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Japan Extends Afghan Refuelling Mission


TOKYO (Reuters) -- Japan's parliament has extended for a year a naval refueling mission in support of U.S.-led military operations in Afghanistan, relieving government fears it could be forced to suspend the mission which may have hurt ties with Washington.

The extension of the mission providing free fuel to U.S. and allied ships patrolling the Indian Ocean comes as Japan prepares to withdraw its air force from an Iraq mission this month, ending its military support for the United States there.

"As a responsible member of the international community, it is clear that we need to actively keep playing a responsible role in the fight against terrorism, and it is certainly necessary to extend the refueling activities," said Tsuyoshi Takagi, a lawmaker from the ruling Liberal Democratic Party.

Washington has asked Japan to step up its involvement in Afghanistan by providing transport planes, Japanese media have reported, while Japan is also mulling a plan to send its navy to help protect ships from increasingly brazen pirate attacks off the coast of Somalia.

But any such missions are fraught with problems for Japan, whose U.S.-drafted post-World War II constitution strictly limits its military activities abroad, requiring a new law to be passed in each case.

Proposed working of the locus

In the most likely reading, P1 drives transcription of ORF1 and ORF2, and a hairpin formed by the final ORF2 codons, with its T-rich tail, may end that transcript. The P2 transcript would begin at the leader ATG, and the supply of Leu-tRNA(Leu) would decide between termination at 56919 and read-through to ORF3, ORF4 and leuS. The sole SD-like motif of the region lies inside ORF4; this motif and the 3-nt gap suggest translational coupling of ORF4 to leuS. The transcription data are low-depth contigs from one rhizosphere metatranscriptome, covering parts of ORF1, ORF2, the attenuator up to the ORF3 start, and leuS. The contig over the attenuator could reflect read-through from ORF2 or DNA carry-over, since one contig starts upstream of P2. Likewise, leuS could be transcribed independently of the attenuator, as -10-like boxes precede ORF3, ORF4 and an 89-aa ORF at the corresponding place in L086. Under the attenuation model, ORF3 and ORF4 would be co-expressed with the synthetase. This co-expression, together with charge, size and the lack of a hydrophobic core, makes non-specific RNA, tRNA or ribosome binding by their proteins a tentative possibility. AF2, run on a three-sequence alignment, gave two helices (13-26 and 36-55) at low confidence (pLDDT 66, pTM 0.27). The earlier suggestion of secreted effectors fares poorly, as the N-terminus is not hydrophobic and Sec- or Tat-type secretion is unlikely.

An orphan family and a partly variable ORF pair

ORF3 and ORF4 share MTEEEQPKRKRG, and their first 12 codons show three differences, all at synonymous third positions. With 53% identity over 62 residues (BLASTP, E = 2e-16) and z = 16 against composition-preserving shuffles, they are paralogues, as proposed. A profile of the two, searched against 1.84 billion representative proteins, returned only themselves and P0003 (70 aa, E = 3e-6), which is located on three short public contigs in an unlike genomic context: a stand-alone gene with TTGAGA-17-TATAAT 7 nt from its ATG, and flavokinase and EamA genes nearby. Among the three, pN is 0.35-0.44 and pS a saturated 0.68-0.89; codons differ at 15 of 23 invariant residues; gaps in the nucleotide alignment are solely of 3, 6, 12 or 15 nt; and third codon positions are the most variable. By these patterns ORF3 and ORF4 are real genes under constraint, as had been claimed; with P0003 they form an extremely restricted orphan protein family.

The refueling mission was halted for almost three months from the end of last year, after the opposition-dominated upper house of parliament, many of whose members see the mission as a breach of the constitution, refused to vote on a previous extension.

This year, the main opposition Democrats and their smaller allies rejected the bill in the upper house.

That allowed the main ruling Liberal Democratic Party (LDP) time to vote again in parliament's more powerful lower house to override the objection.

The opposition hope clearing a high-profile item from Prime Minister Taro Aso's agenda will push him toward holding an early election, which could put the Democrats in government for the first time, media say.

No election need be held until September, but the struggling prime minister, whose support rates have plunged to 20 percent, may have trouble maintaining his grip on power until then.
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